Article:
DOI: 10.1177/03058298231212916 ISSN: 0305-8298

Movements to Combat Sex-Trafficking: The Social Construction of a Global Problem and Its Solutions

Peggy-Jean M. Allin, George M. Thomas
  • Political Science and International Relations
  • Sociology and Political Science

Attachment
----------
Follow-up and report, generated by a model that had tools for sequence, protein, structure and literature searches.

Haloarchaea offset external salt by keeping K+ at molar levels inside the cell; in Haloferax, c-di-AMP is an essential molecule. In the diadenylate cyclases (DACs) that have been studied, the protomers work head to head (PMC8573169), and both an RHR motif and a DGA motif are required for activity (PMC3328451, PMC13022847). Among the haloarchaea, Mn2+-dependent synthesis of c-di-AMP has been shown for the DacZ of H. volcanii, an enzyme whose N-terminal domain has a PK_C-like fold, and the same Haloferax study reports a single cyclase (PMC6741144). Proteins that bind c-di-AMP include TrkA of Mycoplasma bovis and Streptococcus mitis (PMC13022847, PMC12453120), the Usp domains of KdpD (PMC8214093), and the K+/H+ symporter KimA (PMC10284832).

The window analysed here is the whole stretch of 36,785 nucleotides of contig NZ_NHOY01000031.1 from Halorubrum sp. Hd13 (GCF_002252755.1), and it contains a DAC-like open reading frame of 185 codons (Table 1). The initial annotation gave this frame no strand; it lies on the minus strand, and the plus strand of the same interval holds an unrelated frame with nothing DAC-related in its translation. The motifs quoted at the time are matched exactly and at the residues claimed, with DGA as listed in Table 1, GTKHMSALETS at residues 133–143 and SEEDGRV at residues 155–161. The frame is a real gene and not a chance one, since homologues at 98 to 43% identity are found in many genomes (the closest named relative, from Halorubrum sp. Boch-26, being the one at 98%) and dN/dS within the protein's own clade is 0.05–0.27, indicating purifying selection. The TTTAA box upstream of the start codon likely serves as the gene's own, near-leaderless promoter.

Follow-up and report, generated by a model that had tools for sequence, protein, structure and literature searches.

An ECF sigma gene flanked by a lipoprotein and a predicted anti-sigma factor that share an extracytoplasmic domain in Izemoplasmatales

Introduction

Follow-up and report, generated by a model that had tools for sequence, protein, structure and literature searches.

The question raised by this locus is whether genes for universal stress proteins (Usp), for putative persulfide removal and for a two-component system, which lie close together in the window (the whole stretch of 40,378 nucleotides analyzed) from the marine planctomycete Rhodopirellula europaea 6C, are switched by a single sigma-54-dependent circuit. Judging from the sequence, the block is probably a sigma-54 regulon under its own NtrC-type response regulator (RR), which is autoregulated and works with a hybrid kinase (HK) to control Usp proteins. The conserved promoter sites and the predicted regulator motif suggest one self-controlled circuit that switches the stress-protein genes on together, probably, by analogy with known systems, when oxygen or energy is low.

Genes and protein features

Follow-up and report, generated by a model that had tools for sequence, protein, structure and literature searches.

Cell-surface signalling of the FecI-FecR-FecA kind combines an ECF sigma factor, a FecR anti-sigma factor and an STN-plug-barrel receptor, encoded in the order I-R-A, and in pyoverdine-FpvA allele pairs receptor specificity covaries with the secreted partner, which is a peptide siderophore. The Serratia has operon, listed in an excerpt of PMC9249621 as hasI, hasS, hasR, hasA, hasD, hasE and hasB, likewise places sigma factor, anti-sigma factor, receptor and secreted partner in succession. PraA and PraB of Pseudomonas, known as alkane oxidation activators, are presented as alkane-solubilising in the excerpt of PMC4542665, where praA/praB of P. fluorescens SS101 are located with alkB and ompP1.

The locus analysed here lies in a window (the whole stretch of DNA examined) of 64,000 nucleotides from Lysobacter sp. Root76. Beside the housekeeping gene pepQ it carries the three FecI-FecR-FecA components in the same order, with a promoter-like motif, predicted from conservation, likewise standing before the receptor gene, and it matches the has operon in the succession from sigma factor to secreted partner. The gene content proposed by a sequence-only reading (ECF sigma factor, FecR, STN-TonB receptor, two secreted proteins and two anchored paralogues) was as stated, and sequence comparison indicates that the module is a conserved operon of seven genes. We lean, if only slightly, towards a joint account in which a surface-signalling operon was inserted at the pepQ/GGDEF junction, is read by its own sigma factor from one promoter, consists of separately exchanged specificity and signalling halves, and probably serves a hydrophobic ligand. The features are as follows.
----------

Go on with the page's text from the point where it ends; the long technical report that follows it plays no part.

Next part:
In this paper we analyze the international movements against sex-trafficking, identifiable for 150 years. We critically assess actor-centric approaches within IR that assume a tight connection between intentional actors and a singular norm. We build on critical research to develop a cultural institutional approach that focuses on the intertwining of actors and institutions and on how outcomes are loosely coupled from actors’ actions. Several empirical implications are delineated that guide and are assessed by our analysis of the anti-sex-trafficking history. Using the lens of cultural institutionalism, the resulting interpretative history identifies patterns that support the implications and utility of the theory and that actor-centric perspectives have slighted: actors and norms are embedded in institutions, change was multidimensional and repeatedly difficult to label as success or failure, outcomes often were long-term through weak connections, anti-sex-trafficking movements were affected by distinct issue areas, change occurred episodically through institutional workspaces from early conferences, and conventions of the League of Nations to Vienna 1993 and Palermo 2000. We discuss the contributions of our analysis and the implications for critical theories of how a social problem and its solutions are constructed leading to international socio-political change.

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